Kaye-Smith gradually builds the justification for her eventual assertion, that the bond between God, the natural world, and humanity is not “pantheism or nature worship; it is Catholicism – God in all things . . . It is the ground of the sacramental system, through which by the operation of the Holy Ghost nature gives birth to that which the whole world cannot contain” (TWH 139). To prove this proposition Bob must undertake a spiritual journey in which he frequently strays from the path of acceptable conduct, and in which he must learn, by experience, that salvation must come from within. His first attempt at achieving salvation leaves him disappointed as he feels “no more saäved [sic] than a potato-trug” (GAH 19).
Kaye-Smith contrasts the severe doctrine of Calvinism with her own interpretation of Catholic Anglicanism that is based on the concept of the loving God of the New Testament. To highlight the difference between these two forms of Christianity, Kaye-Smith invests her depiction of a Calvinist Christianity with a terrifying harshness, that uses imagery of a wrathful Old Testament God who condemns those who are not of the Elect, and therefore cannot find redemption, not being predestined for salvation. This hellfire form of faith is illustrated in the person of Mr Beeman, a “Peculiar Baptist” (GAH 146). Beeman persuades Bob that he is “outside the mercies of God” (GAH 150), that “If God sends [him] to hell, it’s because it’s right” (GAH 155), that he is ” in fur the Wrath to Come” (GAH 145), that there is no “sign that he had put on Salvation” or that he has any “token of the Lord’s favour” (GAH 148). Set against this condemnation is the comfort provided by the natural world and a philosophy of a loving God. To illustrate this and accentuate a stark contrast, Kaye-Smith presents the loving God through the first-person narration of Bob as he describes how,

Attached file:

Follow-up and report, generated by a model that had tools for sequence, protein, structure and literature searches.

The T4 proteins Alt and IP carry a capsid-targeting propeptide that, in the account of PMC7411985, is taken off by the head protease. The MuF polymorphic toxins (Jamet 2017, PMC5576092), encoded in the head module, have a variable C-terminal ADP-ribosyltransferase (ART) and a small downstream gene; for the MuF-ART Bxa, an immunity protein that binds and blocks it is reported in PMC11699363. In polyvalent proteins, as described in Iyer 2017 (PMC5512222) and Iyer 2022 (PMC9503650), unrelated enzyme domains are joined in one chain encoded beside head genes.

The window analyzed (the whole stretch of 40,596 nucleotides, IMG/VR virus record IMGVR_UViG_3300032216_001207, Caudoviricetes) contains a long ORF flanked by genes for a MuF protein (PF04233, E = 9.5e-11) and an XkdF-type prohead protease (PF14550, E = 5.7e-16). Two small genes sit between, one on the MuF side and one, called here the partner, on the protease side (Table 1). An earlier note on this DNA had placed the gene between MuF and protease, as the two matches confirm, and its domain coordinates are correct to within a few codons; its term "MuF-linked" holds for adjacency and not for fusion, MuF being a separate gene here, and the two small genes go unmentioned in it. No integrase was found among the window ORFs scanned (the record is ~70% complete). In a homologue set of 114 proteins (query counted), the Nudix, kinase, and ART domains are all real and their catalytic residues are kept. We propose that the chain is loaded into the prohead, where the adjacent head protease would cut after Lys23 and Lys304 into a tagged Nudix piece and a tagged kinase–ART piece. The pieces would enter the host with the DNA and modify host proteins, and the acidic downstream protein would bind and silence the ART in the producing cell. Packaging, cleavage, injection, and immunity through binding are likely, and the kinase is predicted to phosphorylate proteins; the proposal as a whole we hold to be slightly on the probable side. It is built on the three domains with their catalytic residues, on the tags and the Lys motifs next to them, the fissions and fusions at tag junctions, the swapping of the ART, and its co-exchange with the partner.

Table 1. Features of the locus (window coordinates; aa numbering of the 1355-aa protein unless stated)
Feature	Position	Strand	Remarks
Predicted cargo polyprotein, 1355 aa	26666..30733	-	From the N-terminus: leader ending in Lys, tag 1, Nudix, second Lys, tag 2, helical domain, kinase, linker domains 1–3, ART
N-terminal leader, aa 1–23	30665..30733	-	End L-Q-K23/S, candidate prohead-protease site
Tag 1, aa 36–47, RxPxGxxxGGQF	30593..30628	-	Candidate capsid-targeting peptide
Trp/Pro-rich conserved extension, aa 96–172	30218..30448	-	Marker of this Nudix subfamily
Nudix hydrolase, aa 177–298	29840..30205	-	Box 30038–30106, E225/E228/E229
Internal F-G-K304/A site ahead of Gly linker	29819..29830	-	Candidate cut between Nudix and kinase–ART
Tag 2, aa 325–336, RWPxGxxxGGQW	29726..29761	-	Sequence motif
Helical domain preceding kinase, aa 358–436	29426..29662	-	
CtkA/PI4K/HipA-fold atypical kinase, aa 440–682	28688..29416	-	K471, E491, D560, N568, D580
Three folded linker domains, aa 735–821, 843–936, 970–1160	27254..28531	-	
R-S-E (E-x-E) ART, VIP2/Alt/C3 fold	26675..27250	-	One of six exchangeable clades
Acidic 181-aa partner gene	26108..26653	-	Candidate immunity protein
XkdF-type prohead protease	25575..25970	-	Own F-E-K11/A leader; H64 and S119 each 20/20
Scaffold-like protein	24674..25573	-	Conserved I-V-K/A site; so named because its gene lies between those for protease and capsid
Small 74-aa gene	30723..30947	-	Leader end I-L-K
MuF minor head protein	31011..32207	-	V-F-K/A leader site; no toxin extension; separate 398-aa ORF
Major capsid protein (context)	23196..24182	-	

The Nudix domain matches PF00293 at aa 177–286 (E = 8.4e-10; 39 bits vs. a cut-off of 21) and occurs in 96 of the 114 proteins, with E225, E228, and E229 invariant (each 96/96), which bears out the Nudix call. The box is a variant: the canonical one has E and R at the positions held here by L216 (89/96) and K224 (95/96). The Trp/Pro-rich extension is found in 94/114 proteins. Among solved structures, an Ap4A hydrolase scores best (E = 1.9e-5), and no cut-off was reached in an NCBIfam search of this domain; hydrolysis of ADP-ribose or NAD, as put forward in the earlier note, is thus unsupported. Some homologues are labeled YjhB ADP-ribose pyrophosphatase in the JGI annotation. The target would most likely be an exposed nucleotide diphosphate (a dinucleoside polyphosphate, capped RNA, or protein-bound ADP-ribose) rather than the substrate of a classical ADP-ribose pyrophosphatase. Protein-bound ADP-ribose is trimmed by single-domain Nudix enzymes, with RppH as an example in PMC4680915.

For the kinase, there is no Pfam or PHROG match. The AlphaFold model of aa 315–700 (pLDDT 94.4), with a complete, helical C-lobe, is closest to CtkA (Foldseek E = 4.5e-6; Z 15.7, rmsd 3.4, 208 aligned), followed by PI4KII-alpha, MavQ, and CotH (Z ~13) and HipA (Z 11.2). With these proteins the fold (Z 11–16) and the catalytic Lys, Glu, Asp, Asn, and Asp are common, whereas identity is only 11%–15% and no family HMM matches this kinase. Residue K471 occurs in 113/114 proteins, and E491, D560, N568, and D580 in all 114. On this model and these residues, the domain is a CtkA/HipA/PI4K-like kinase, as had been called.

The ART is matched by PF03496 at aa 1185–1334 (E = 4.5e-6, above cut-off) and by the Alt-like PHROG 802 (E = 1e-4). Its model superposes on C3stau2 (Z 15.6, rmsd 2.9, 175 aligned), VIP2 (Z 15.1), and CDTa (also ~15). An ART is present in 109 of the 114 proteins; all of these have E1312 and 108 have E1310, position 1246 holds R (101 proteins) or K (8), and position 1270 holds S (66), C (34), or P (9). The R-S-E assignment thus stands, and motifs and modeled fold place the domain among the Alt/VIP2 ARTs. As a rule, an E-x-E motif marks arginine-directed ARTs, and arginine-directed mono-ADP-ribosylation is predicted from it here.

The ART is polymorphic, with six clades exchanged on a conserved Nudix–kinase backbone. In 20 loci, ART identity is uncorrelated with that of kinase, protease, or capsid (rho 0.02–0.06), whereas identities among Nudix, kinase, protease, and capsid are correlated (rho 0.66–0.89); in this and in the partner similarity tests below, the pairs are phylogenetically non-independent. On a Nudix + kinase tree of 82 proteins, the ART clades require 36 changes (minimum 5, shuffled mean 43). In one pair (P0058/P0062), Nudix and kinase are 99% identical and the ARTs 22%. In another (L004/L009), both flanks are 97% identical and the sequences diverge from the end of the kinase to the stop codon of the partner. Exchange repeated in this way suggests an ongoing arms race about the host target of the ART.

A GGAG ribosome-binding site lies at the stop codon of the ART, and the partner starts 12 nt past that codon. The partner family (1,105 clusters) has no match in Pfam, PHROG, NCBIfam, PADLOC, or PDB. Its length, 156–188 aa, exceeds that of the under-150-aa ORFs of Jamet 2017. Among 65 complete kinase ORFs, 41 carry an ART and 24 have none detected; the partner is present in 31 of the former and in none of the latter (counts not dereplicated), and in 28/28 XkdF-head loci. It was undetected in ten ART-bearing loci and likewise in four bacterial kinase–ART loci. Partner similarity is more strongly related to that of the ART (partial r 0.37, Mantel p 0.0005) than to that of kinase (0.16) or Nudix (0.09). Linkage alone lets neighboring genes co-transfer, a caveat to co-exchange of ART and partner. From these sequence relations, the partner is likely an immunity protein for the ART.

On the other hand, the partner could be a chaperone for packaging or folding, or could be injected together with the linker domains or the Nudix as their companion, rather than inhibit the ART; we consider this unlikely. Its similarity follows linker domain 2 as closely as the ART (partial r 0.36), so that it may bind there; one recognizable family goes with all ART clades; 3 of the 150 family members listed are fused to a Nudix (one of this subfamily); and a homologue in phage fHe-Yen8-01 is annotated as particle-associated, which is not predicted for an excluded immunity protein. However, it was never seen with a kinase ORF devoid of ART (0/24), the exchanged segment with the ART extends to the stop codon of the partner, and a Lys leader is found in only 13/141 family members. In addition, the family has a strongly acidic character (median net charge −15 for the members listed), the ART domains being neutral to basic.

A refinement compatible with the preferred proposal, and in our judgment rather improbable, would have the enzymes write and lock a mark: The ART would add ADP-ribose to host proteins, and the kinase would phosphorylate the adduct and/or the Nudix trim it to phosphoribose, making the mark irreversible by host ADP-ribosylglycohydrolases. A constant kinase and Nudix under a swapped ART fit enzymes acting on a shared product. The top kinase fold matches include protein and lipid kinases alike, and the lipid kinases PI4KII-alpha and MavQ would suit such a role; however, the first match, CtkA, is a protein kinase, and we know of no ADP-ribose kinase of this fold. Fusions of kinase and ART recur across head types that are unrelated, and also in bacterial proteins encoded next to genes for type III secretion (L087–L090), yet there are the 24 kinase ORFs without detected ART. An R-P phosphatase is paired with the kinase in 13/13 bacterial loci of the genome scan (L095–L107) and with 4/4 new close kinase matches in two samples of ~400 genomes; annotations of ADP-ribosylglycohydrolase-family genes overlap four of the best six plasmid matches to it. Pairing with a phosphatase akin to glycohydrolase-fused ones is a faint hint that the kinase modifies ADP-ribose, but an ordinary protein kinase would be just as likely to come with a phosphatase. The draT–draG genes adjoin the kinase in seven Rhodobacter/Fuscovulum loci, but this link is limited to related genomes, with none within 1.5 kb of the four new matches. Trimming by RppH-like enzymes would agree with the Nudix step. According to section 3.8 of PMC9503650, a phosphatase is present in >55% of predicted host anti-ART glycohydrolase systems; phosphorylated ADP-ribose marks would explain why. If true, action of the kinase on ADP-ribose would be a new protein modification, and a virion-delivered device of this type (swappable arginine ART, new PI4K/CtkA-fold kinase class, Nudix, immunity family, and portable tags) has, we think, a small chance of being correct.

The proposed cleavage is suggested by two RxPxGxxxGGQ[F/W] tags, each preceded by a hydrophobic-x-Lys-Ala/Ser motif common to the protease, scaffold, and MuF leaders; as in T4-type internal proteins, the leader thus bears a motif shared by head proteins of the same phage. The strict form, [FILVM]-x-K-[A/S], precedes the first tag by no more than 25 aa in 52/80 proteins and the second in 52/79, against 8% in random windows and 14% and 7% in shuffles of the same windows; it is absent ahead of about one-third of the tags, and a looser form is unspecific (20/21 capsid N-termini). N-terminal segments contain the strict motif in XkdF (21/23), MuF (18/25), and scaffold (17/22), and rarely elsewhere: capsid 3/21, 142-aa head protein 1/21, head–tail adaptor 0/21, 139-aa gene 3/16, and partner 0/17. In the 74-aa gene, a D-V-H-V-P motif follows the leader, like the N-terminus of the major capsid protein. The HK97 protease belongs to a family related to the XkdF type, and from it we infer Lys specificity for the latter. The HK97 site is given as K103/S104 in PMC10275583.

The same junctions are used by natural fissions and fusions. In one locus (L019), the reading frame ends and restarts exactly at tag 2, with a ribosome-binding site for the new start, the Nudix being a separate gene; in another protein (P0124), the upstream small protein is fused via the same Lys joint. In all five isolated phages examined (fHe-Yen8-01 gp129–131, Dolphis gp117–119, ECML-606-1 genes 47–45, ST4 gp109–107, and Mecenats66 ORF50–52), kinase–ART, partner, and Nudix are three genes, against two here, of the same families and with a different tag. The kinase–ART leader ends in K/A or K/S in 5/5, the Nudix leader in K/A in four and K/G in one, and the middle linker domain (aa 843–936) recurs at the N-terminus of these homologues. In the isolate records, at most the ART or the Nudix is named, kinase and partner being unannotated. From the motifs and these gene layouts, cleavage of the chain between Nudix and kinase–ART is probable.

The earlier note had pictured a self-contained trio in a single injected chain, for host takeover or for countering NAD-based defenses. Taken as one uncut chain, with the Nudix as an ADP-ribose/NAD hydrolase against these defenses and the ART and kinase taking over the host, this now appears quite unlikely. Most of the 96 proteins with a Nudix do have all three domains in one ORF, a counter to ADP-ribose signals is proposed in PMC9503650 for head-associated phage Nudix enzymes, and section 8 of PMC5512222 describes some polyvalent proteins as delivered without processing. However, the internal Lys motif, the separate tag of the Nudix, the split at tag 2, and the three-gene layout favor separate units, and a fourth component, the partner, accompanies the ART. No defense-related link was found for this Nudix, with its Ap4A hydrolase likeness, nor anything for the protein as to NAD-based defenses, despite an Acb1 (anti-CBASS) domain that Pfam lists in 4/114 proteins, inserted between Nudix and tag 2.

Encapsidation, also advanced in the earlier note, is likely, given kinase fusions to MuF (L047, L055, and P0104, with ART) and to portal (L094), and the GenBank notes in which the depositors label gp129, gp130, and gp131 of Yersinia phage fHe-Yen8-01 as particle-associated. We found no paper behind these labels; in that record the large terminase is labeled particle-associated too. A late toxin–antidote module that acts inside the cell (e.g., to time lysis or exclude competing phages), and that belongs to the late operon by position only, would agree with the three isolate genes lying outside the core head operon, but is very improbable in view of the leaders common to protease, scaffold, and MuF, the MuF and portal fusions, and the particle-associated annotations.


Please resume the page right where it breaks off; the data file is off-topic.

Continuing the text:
I climbed over into the field, fur I felt mazed and tired, and I laid down on the grass among the dead leaves that had come from the wood . . . All I cud think on wur God, and I thought ‘He’s wonderful. He’s the wonderfullest thing thur is, and if I cud feel I wur Chosen of Him, thur be naun else I’d want beside’. . . . then it all happened. It wur lik a shining, silver light, and it seemed to come all over me, and my heart went light wud peace and gladness, and summat in me seemed to say, ‘I have loved thee wud an everlasting love’ (GAH 164-165).
Initially, under the influence of the Calvinist doctrine of The Chosen, Bob “distrusted a yearning for the beauty of the fields” (GAH 181) believing it to be the work of the devil. The peaceful contentment that can be found for a troubled soul in communion with creation is illustrated in Kaye-Smith’s utilisation of a traditional imagery of heaven as a starlit night sky. When Bob is rejected by those he had chosen to preach to, he finds solace and comfort from a perceived closeness to God. When looking at the night sky it was “as if he could touch it with the swing of his sleepy arm, and rake down the shimmering stars of the Lamb of God into the field beside him. Drowsily content, he turned over” (GAH 201).
Unlike the early pre-war novels, Green Apple Harvest displays a coherent and fully developed religious ideology in which a mystical evocation of the land is given a sacramental significance. In the immediate post-war world, Kaye-Smith suggests stability and a meaning to life can only be found in a spiritual attachment to the countryside. In the narration of Bob’s attempted suicide, the text speaks in a variety of potentially oppositional voices, as Kaye-Smith combines, and juxtaposes, lyrically-idealised descriptions of the countryside with dialectically expressed thoughts, references to Christian theology and biblical imagery. The description of Bob’s eventual revelatory experience that brings him to a true understanding of his unity with God is told by refracting his experience through a combined lexicon of the Christian symbolism, and imagery of water and light. The light of dawn is used as a symbolic metaphor for the spiritual enlightenment that is to come. In an idealised country scene, the gleams of dawn “swept up the fields in a soaring light – the water courses gleamed, the windows of farmhouses burned, the wood seemed to change colour, and the subdued chatter of birds among the trees swelled into a song” (GAH 271). Bob suddenly and unexpectedly recognises that it would be a wrench for him to leave “this quiet country of the Rother Valley, which all his life had been so much to him” (GAH 271). In describing the revelatory experience of God, that leads to Bob discover that “He’s love . . . and He’s beauty . . . He’s in the fields mäaking the flowers grow and the birds sing and the ponds have that lovely liddle white flower growing on ’em” (GAH 275), the text references the most mystical and spiritual of the Gospels, that of St John, as it speaks to the symbolism and imagery of God being love, and Christ as the light of the world.